Title: Invasive species management: Ensuring the 'cure' is not worse than the condition
Author: Sing, Sharlene E.; Peterson, Robert K. D.; Maxwell, Bruce D.
Source: In: Springer, J. T.; Springer, E. C., eds. Proceedings of the 20th North American Prairie Conference. Kearney, NB: University of Nebraska at Kearney. p. 381-386.
Description: The challenge in effectively managing invasive species arises out of our subjective response to the problem: 1) these species do not belong in our ecosystems; and 2) their impact on our ecosystems will be negative.1 These visceral responses typically dove-tail into the fundamental management objective: get rid of it! Society promotes the idea that good management is timely, and the best approach is to catch an invasive species before it reaches exponential population growth and becomes widespread. Although this is a sound approach, multiple examples illustrate that it is not universally applicable. Exotic species that are intentionally introduced either for resource improvement or classical biological control purposes are now themselves targets of management programs. Negative publicity associated with adverse outcomes of invasive species management has resulted in widespread 'management paralysis'. Risk assessment is presented here as a viable strategy to offset this trend, and can be significantly enhanced through the adoption of best management practices.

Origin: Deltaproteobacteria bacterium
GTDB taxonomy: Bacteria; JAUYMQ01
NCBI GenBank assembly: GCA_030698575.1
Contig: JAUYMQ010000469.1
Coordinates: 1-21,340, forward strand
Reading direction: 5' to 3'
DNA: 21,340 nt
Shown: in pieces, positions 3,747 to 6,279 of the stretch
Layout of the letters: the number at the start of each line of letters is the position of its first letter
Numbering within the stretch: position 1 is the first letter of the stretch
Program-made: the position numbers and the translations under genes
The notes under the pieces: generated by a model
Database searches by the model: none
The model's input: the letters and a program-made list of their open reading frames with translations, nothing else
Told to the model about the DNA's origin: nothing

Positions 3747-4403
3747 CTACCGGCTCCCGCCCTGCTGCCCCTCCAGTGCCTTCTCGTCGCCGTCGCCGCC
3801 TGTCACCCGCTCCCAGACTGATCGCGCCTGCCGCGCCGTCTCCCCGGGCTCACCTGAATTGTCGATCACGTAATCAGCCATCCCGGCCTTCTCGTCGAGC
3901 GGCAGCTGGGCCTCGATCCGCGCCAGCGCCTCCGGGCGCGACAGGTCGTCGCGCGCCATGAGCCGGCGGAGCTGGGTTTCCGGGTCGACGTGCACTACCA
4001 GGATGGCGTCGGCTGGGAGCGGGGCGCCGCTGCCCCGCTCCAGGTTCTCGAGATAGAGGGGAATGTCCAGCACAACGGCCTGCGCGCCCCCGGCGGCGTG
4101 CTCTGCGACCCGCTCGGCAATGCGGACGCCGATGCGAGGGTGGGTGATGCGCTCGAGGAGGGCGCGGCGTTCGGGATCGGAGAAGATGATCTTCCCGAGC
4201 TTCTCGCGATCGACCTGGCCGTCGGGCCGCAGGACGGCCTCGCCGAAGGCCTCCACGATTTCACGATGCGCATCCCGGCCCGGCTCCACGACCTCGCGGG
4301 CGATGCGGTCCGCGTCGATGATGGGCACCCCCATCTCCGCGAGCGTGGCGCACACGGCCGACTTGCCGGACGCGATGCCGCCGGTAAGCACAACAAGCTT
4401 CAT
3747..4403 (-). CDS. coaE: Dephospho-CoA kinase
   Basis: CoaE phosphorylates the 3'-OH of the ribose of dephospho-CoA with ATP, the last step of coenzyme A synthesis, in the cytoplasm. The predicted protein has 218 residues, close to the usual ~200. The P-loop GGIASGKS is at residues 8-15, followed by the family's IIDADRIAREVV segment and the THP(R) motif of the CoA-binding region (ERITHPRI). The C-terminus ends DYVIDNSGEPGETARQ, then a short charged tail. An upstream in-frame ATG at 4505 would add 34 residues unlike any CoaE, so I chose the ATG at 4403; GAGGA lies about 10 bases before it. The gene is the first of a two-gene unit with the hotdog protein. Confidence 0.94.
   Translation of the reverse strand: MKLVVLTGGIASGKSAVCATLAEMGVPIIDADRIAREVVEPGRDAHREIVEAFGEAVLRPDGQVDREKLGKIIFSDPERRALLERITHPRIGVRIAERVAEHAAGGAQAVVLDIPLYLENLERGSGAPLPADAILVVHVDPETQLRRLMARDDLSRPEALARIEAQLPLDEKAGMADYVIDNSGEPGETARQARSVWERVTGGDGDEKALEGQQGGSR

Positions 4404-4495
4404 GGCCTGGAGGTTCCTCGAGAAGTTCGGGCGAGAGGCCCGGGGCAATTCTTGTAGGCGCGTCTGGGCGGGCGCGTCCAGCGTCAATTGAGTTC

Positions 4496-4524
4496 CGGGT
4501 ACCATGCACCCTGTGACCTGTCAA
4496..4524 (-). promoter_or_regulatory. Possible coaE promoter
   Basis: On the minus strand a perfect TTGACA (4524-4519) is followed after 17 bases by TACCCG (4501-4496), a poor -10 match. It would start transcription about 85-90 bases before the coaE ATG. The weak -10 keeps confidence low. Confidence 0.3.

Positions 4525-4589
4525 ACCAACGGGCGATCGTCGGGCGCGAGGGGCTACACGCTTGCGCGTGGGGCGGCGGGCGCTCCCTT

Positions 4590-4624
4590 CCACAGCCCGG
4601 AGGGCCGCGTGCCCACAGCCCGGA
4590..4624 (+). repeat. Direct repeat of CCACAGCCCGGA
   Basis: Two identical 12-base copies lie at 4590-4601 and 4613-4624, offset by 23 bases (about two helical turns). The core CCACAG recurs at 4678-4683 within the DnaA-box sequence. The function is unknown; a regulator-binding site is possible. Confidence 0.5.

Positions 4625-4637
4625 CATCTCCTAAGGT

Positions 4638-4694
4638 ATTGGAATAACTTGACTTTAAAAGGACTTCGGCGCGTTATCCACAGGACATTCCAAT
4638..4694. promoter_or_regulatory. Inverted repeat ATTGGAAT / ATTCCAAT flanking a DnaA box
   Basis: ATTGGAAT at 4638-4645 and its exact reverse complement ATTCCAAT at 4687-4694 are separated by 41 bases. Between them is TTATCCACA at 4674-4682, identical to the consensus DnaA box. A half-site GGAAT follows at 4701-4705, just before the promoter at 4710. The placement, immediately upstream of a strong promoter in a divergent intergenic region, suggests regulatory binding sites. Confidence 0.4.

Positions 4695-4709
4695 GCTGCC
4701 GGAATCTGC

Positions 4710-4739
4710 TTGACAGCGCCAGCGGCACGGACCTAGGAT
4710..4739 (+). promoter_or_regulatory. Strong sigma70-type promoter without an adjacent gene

Keywords: Chinese bush clover, Elaeagnus angustifolia, Gambusia affinis, Lespedeza cuneata, Russian olive, saltcedar, Sericea lespedeza, silky bush clover, Tamarix ramosissima, T. chinensis, western mosquito fish
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Sing, Sharlene E.; Peterson, Robert K. D.; Maxwell, Bruce D. 2007. Invasive species management: Ensuring the ''cure'' is not worse than the condition. In: Springer, J. T.; Springer, E. C., eds. Proceedings of the 20th North American Prairie Conference. Kearney, NB: University of Nebraska at Kearney. p. 381-386.
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